By Jim Ellis
Nov. 19, 2021 — Ohio State House Speaker Bob Cupp (R-Lima) had scheduled the completed congressional redistricting map for a floor vote yesterday. With passage, the new 15-member map will soon head to Gov. Mike DeWine (R) for his approval. Ohio loses one seat in reapportionment.
As expected, the new map radically changes the seats that outgoing members Tim Ryan (D-Warren/Youngstown) and Anthony Gonzalez (R-Rocky River) currently hold. Rep. Ryan, running for the Senate, sees his eastern Ohio 13th District collapsed, with a sizable chunk of Akron remaining in the seat and the remainder going to Rep. Bob Gibbs’ (R-Lakeville) 7th District.
Instead of moving east, as under the current map, the new 13th moves to the west, annexing Medina County and the western part of the Cleveland metro area in Cuyahoga County. Much of this territory comes from the retiring Rep. Gonzalez’s current 16th District, a seat whose territory gets absorbed in several neighboring CDs.
At first glance, the map looks to break 12R-3D, meaning Democrats would take the seat loss in typical election years. Three of the districts, however, two of which Democrats now hold, would become highly competitive.
The members with the most competitive districts would again be Reps. Steve Chabot (R-Cincinnati) in the 1st District, in addition to Marcy Kaptur’s (D-Toledo) 9th CD, and the open 13th District.
The safest members are Reps. Brad Wenstrup (R-Cincinnati), though he loses a significant part of his anchor city, Joyce Beatty (D-Columbus), Jim Jordan (R-Urbana), Bob Latta (R-Bowling Green), Bill Johnson (R-Marietta), Bob Gibbs (R-Lakeville), Warren Davidson (R-Troy), Shontel Brown (D-Cleveland), and Troy Balderson (R-Zanesville).
Reps. Mike Turner (R-Dayton), David Joyce (R-Russell Township, and Mike Carey (R-Columbus) all would get reliable Republican districts, but not overwhelmingly so. Turner’s composite improves his marginal district a net three points in his party’s favor. Rep. Joyce sees his partisan complexion remaining at about a 10-point positive district for him when comparing the composite average to the 2020 presidential results.
Freshman Rep. Carey, who just won his seat in a special election on Nov. 2, would see his new district move approximately a net six points closer to the Democrats, but still gives him an approximate eight-point favorable composite score.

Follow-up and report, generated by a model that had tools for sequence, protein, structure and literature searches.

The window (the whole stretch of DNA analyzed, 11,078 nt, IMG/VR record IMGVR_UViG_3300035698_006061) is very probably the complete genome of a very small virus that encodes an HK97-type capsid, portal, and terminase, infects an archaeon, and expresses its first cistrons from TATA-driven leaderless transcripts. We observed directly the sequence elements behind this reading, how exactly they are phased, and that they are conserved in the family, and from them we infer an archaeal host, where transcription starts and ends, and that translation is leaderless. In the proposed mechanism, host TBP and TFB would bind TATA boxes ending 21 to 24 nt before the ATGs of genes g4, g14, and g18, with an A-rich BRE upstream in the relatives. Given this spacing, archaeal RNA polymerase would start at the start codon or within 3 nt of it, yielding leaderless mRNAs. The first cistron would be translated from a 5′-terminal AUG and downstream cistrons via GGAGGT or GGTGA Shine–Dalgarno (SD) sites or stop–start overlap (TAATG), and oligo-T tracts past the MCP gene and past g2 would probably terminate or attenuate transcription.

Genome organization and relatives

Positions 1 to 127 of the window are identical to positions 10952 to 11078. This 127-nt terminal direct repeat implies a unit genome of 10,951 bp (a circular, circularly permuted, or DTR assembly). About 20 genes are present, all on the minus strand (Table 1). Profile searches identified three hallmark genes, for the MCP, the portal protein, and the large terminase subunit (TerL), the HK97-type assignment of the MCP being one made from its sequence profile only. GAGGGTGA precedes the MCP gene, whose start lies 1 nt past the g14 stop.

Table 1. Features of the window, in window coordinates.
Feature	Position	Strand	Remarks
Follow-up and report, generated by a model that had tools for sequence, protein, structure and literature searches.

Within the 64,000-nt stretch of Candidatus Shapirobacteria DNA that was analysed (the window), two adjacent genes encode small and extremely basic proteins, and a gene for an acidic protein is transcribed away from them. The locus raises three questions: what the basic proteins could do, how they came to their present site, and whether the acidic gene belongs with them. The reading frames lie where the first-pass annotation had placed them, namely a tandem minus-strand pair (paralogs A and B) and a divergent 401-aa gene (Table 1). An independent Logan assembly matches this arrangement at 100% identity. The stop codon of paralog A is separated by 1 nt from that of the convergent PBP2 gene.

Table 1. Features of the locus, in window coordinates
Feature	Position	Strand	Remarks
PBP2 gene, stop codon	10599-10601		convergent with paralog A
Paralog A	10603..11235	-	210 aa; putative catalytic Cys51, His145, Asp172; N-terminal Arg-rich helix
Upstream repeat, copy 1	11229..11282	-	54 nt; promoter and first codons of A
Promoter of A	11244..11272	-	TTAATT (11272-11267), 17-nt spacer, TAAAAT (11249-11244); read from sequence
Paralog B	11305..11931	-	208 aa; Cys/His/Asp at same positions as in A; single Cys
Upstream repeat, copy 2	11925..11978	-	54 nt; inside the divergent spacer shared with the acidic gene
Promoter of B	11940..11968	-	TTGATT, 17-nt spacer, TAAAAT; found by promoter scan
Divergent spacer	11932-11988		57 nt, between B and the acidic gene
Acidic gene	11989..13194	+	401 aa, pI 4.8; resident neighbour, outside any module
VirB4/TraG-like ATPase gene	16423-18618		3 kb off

Rep. Chabot, who has had several competitive elections after his initial win in 1994, to the point of losing the seat in 2008 only to re-claim it in 2010, sees his district become a tick more Democratic, as the composite numbers, according to the Dave’s Redistricting App, break only 50-47 percent toward the Republicans. This, as compared to the current 1st District that broke 51-48 percent for former President Trump in 2020.
Rep. Kaptur loses the Cleveland portion of her district, keeps her anchor city of Toledo and all of Lucas County, but picks up many more rural Republican counties to compensate for leaving Cuyahoga.
Her current district stretches almost like a pair of headphones from Cleveland west along the lake line all the way to Toledo. It was a safely Democratic seat, but she had to defeat former Rep. Dennis Kucinich in the 2010 Democratic primary as the two were paired in the last redistricting when Ohio again lost a congressional seat in reapportionment.
Her new 9th District splits virtually evenly on the composite, tipping 49-48 percent toward the Republicans. This means she will see a highly competitive general election here, for a member who has never dropped below 55 percent of the vote in any general election since originally winning in 1982. Should the congresswoman seek a 21st term, the 2022 general election will likely be the most competitive she has ever faced. If Rep. Kaptur retires, the district would remain competitive, but the new Republican nominee would enjoy at least a slight edge.
The new open 13th District splits almost as evenly as Ms. Kaptur’s 9th CD. The composite average here is also 49-48 percent, but in favor of the Democrats, so their eventual nominee would also enjoy a very slight edge.
In the end, the new Ohio map could host two of the most competitive general elections in the country in the state’s new districts 9 and 13. In all, the map should break 12R-3D, but in a good Republican year, that margin could stretch to 13-2, yet just as quickly rebound for the Democrats to 11-4 in years when they benefit from the political winds.